BEING sick in the Whitsundays could soon become a lot more costly, with the last remaining bulk-billing practice in the region announcing they will adopt a private billing structure as of March 26.
The 121 Medical Centre in Cannonvale said they were forced to adopt a private billing structure due to the government's freeze on the GP Medicare rebate and the large expenses associated with running a medical practice.
A Medicare rebate will apply to the required services and at the time of payment the practice can apply your rebate directly into your bank account via your EFTOPS card.
Patients exempt from the fee gap include Aged Pensioner card holders age 65 and over, DVA card holders and children under the age of 13.
Other clinics in town do still offer universal bulk billing, but increasing demand and pressure for clinics to make a profit could see universal bulk billing structures become a thing of the past in the region.
Federal MP George Christensen said that GP clinics deciding to no longer do universal bulk billing was a widespread problem throughout the Whitsundays and Mackay.
"At the same time though bulk billing rates have gone up over the last six years which seems almost counter intuitive,” Mr Christensen said.
Previously a primary care unit at Proserpine Hospital offered bulk billing for any patient that presented with simple ailments and sickness; that was shut down due to rules and regulations.
Mr Christensen met with the met Primary Health Network last week to discuss this issue affecting all Mackay and Whitsunday.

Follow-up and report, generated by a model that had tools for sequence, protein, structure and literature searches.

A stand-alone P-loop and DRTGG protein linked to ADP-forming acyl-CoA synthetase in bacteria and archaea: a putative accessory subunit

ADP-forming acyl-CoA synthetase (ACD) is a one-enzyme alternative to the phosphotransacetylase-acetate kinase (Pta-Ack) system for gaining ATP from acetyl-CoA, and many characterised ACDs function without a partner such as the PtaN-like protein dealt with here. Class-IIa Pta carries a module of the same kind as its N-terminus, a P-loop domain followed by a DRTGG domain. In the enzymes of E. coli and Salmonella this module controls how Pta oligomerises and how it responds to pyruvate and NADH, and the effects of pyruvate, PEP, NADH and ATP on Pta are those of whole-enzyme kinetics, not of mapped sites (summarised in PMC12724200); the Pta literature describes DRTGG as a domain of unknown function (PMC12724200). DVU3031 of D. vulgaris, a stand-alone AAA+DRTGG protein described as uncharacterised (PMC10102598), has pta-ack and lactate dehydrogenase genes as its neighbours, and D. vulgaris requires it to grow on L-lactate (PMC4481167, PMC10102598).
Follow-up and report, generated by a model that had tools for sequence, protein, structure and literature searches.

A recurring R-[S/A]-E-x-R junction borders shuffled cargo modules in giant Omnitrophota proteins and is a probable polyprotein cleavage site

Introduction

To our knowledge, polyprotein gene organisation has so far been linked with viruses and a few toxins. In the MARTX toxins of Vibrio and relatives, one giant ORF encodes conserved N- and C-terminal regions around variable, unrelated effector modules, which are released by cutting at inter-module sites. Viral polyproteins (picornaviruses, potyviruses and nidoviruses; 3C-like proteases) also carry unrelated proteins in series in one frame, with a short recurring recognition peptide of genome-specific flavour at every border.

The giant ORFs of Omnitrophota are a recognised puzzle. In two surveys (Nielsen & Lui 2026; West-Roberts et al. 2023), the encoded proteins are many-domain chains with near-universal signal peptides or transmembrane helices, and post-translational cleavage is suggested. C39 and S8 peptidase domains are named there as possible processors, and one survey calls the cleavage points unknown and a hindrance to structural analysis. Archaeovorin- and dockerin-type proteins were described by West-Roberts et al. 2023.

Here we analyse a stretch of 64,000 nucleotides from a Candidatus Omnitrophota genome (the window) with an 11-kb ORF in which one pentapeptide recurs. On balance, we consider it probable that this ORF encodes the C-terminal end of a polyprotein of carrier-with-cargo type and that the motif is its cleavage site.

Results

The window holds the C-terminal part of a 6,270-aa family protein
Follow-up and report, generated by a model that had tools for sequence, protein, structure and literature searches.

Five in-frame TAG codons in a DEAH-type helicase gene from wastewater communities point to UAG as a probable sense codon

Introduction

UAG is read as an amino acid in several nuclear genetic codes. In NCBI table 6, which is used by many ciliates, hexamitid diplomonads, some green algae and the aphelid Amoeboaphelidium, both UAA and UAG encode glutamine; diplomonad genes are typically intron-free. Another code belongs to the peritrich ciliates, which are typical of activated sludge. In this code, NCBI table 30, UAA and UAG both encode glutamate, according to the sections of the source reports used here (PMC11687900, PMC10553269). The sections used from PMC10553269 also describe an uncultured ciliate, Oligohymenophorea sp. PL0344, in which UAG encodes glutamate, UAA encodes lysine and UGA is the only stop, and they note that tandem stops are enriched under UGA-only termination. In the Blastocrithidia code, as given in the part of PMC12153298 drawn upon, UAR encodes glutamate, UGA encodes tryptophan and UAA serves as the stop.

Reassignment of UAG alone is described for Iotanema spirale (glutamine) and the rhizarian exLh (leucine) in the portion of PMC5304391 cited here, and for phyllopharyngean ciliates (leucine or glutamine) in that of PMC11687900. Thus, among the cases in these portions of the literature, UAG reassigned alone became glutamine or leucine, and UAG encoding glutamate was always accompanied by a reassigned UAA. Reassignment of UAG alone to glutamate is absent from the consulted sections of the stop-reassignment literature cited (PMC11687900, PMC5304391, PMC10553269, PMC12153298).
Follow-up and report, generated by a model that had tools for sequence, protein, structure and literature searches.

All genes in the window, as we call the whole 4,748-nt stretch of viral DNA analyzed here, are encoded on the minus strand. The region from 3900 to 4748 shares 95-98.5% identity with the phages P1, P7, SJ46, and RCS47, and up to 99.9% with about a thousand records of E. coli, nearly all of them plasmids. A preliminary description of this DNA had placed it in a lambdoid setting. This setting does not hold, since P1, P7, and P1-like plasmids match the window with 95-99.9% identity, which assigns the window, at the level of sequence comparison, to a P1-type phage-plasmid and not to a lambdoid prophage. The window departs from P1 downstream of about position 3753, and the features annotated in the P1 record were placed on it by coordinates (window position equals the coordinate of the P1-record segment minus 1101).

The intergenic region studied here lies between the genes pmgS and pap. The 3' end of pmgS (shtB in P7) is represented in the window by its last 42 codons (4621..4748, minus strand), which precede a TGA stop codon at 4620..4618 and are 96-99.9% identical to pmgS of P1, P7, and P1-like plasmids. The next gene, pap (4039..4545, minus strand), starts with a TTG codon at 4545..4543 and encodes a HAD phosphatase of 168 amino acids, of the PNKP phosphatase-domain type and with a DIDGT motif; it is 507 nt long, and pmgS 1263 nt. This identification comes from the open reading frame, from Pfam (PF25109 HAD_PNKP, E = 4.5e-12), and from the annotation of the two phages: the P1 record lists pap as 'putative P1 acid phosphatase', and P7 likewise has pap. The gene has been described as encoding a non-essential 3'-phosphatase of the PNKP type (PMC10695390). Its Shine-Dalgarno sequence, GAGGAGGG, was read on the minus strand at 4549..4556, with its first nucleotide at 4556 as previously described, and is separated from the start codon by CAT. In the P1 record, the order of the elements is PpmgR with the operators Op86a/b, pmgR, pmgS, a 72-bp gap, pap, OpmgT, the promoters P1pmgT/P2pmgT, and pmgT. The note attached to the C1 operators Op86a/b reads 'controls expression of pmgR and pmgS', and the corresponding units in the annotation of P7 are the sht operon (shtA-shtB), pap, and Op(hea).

The rules and regulations have changed again for in regards to bulk billing within the area, Mr Christensen said re-opening the primary care clinic at Proserpine Hospital would be, "one of the solutions at least for Proserpine.”
"The government can't force doctors to bulk bill, there has been an issue about the freezing of the Medicare rebate, that freeze actually lifts on July first.”
"What I have heard loud and clear is that they just can't make money out of a bulk billing operation and I don't know where you go with that,” Mr Christensen said.
Mr Christensen has arranged a meeting in early May with the North Queensland Primary Health Network and local GPs in regards to the issues surrounding bulk billing in the region.
I've already had discussions with people in Mackay health and Hospital Services that covers the Proserpine and Whitsunday area, they have informed me that the hospital is looking at the re-establishment of a primary care unit since the rules have changed to allow for this.”
Mr Christensen said people shouldn't feel frightened if they can't afford a visit to the GP instead they should have a talk with them, "individual doctors in centres that don't do universal bulk billing are entering arrangements with patients in need to of bulk billing.”
"Your GP, they are all humans and they understand people's financial struggles, but I know people want a universal bulk billing centre and that is the ultimate goal that we have to get to.” he said
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